• To enhance customer services

Financial Objectives

Financial objectives are concerned with cutting down the pointless and wasteful investments in inventory and decreasing the working capital that is tied up in inventory.

Some of these are as follows:

  • To maintain optimum investment in the inventory
  • To minimise inventory costs for maximising profitability
  • To help generate economy in purchase
  • To minimise revenue leakage through lost sales
  • To compete on shorter delivery times to increase sales

The other objectives of inventory management are to reduce the undesirable consequences of holding excess inventory which are:

  • Unnecessary tying up of funds and reduced profitability
  • Increase in carrying costs
  • Loss of cash flow
  • Depreciation, pilferage, wastage and damage in inventory

Importance of Inventory Management

Inventory is the most important item in the current assets category on the balance sheet of an organisation. Any issues with inventory can lead to business losses or even failures. Good inventory management attempts to strike a balance between the inflow and outflow of inventory.

Inventory management is all about ensuring an effective flow of goods and services which helps an organisation in maintaining a smooth production process. In addition, it also enables an organisation to make accurate forecasts on how much inventory is needed based on sales activity and place orders accordingly; thereby preventing the situations of overstocking and stock-outs.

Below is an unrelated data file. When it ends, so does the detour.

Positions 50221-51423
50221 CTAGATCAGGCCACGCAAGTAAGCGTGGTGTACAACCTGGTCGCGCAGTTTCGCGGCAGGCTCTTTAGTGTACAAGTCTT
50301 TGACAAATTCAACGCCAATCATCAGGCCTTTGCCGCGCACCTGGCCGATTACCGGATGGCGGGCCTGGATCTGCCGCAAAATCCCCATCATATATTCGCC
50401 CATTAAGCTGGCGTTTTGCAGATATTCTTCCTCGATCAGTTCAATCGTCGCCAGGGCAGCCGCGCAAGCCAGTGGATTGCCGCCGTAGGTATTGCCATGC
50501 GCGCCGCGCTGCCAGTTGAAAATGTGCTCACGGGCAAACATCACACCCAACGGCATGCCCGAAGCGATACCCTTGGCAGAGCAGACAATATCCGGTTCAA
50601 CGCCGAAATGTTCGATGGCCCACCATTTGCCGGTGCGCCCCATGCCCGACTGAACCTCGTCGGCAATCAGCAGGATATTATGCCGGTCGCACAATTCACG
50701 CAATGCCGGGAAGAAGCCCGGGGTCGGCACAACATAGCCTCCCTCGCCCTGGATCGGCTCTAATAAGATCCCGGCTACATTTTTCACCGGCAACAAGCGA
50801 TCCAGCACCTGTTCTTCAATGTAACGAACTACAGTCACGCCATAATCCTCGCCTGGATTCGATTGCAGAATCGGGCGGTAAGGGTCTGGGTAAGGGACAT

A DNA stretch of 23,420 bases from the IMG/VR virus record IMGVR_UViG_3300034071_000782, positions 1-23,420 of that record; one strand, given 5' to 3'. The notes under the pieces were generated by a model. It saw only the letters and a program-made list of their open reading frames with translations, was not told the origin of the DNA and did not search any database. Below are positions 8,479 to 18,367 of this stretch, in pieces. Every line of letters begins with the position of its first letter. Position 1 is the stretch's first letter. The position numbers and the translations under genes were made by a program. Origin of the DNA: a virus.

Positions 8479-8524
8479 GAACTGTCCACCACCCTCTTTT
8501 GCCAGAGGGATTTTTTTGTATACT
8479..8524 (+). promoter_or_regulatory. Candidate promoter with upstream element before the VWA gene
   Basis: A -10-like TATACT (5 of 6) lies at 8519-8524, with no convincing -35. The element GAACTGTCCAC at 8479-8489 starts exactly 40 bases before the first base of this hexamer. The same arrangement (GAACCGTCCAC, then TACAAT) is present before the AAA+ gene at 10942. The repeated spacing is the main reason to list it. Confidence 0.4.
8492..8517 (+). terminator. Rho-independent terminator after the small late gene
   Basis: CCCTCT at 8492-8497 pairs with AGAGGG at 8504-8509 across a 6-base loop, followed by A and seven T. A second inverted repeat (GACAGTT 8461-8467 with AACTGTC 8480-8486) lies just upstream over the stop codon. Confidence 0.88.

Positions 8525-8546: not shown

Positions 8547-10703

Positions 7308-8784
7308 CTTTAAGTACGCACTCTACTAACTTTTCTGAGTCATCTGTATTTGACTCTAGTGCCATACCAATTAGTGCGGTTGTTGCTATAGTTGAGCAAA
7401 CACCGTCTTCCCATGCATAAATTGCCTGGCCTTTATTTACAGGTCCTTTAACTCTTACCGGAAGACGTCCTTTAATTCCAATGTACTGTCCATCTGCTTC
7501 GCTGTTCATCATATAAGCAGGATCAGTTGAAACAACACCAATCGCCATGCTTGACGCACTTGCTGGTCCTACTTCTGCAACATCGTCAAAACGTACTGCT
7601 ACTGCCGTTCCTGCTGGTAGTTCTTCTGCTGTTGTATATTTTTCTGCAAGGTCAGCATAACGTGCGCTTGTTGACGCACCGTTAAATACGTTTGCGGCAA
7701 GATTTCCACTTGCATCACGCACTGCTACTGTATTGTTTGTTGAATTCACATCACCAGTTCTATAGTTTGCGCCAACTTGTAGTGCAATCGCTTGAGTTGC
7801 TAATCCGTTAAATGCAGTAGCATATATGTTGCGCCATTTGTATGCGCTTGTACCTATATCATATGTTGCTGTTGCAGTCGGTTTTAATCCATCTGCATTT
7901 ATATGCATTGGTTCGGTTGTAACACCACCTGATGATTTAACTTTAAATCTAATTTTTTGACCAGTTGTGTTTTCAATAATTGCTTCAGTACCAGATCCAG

The following points explain the importance of inventory management:

Effective Allocation of Inventory

An enormous amount of money is spent by an organisation in purchasing inventory. Thus, it is crucial for the organisation to constantly monitor where its inventory resides in the supply chain and allocate inventory accordingly. Good inventory management practices enable the organisation to have a holistic view of how much inventory is owned by it and where its inventories exist. Also, inventory management allows the organisation to have detailed information on which inventories are damaged, returned, rejected or on hold, which, in turn, avoids situations of theft and loss.